This is a basic example, but we can see how powerful this can get when we start building components like a date picker or an autocomplete widget. We can reuse these components across multiple projects without having to worry about those pesky stylesheets getting in the way.

One more thing we can do is expose the attributes needed for accessibility from the scoped slot and also don’t have to worry about making components that extend this component accessible.

In Summary
  • A component’s render function is incredibly powerful.
  • Build your Vue components for a faster run-time.
  • Component’s el, template or even single file components all get compiled into render functions.
  • Try to build smaller components for more reusable code.
  • Your code need not be S.O.L.I.D., but it’s a damn good methodology to code by.

The post Building “Renderless” Vue Components appeared first on CSS-Tricks.

Categories: Web Technologies

Oracle: Switch now from Nashorn JavaScript engine to GraalVM

InfoWorld JavaScript - Fri, 07/20/2018 - 03:00

With plans to deprecate the Nashorn JavaScript engine in the upcoming Java Development Kit (JDK) 11, Oracle is encouraging developers to take a look at GraalVM virtual machine instead. Oracle says it’s more capable than Nashorn, and it has laid out a migration path from Nashorn to GraalVM. Oracle does plan to support Nashorn for a few years to provide time to migrate.

To read this article in full, please click here

Categories: Web Technologies

PHP 7.1.20 Released - PHP: Hypertext Preprocessor

Planet PHP - Thu, 07/19/2018 - 17:00
The PHP development team announces the immediate availability of PHP 7.1.20. This is a security release. Several security bugs have been fixed in this release. All PHP 7.1 users are encouraged to upgrade to this version. For source downloads of PHP 7.1.20 please visit our downloads page, Windows source and binaries can be found on windows.php.net/download/. The list of changes is recorded in the ChangeLog.
Categories: Web Technologies

CSS: A New Kind of JavaScript

CSS-Tricks - Thu, 07/19/2018 - 13:37

In this wacky and satirical post, Heydon Pickering describes a wild new technology called Cascading Style Sheets that solves a lot of the problems you might bump into when styling things with JavaScript:

A good sign that a technology is not fit for purpose is how much we have to rely on workarounds and best practices to get by. Another sign is just how much code we have to write in order to get simple things done. When it comes to styling, JavaScript is that technology.

CSS solves JavaScript’s styling problems, and elegantly. The question is: are you willing to embrace the change, or are you married to an inferior methodology?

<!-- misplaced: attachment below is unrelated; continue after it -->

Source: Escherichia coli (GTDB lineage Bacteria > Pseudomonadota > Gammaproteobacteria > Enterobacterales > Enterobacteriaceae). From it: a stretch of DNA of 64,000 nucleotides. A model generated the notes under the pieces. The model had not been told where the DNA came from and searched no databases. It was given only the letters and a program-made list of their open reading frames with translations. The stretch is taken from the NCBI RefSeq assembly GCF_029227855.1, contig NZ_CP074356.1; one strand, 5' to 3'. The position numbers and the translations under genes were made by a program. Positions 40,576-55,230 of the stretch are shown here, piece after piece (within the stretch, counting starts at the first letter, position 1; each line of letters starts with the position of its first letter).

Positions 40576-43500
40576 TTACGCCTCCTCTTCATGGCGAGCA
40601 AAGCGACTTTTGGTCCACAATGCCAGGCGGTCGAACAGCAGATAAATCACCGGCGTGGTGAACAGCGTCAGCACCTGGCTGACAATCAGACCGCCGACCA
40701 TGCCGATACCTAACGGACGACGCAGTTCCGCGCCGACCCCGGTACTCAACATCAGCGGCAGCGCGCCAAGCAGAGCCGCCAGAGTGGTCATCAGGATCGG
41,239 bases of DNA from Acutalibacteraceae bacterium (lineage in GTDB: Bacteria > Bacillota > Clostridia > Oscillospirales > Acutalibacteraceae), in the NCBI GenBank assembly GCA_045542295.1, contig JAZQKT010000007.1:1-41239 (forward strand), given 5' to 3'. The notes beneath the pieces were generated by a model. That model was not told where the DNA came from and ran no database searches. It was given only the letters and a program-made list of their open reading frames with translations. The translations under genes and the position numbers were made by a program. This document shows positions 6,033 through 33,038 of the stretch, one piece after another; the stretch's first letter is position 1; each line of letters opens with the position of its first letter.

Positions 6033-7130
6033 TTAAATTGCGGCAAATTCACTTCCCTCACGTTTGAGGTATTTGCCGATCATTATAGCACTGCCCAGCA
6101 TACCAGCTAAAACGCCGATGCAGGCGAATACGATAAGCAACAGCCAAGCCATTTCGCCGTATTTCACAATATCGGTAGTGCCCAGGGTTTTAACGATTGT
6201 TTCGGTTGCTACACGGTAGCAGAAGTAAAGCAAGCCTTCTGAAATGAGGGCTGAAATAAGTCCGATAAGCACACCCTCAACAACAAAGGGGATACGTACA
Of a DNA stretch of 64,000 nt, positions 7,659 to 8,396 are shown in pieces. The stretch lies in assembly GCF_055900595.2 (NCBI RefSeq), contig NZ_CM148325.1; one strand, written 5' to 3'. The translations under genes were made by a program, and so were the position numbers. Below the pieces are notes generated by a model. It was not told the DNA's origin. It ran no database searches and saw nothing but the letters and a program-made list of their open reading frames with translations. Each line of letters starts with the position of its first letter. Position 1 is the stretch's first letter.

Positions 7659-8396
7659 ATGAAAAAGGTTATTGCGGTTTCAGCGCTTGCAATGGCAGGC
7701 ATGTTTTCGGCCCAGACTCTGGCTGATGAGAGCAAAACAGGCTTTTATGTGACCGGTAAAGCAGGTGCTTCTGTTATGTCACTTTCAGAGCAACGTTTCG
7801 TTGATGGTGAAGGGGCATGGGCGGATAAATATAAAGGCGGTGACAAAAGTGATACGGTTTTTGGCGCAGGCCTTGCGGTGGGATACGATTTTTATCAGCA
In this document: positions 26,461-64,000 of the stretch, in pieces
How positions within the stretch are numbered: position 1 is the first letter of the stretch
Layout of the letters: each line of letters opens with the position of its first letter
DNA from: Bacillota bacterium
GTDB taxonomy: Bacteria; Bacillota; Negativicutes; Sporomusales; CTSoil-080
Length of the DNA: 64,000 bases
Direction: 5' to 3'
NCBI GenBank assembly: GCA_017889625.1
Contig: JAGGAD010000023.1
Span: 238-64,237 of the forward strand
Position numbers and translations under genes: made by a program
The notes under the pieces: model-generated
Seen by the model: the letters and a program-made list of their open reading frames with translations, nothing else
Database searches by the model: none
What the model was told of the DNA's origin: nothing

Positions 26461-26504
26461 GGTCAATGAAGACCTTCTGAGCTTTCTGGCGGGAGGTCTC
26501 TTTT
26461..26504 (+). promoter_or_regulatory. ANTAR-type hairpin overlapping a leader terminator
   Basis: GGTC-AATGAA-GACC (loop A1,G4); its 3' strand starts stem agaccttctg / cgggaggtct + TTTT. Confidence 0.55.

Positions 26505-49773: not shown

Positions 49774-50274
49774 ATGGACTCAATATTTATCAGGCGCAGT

Yes, this is a funny post but the topic of CSS-in-JS is hot and quite active. We recently shared a video of Bruce Lawson's excellent talk on the subject and published a roundup of chatter about it as it relates to React. Chris also linked the conversation back to the age-old question of how we deal with unused CSS.

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Categories: Web Technologies

Accessibility for Teams

CSS-Tricks - Thu, 07/19/2018 - 13:37

Maya Benari:

Accessibility is a crucial part of government product design. First, it’s the law. Federal agencies face legal consequences when they don’t meet accessibility requirements. Second, it affects us all. Whether you have a motor disability, you sprained your wrist playing dodgeball, you need a building to have a ramp for your wheelchair or stroller, or you literally just have your hands full, we all find ourselves unable to do certain things at different points in our lives. Accessible products are better products for everyone.

But accessibility is hard: It comes across as a set of complex rules that are hard to follow. Not everyone feels confident that they’re doing it right. It’s difficult to prioritize alongside other work and project needs. How do you make sure you’re building products that are accessible and inclusive?

So they set about building a guide and did a heck of a job. This is 18F work, the same team that did the U.S. Web Design System (see video presentation).

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Categories: Web Technologies

Security Vulnerability Announcement: html_QuickForm - Official Blog of the PEAR Group/PEAR President

Planet PHP - Thu, 07/19/2018 - 11:22

A vulnerability in the html_QuickForm package has been found which potentially allows remote code execution.

A new release of the package is available which fixes this issue. One is strongly encouraged to upgrade to it by using:

$ pear upgrade html_QuickForm-3.2.15

Thanks to Patrick Fingle and the CiviCRM Security Team who reported this issue.

Categories: Web Technologies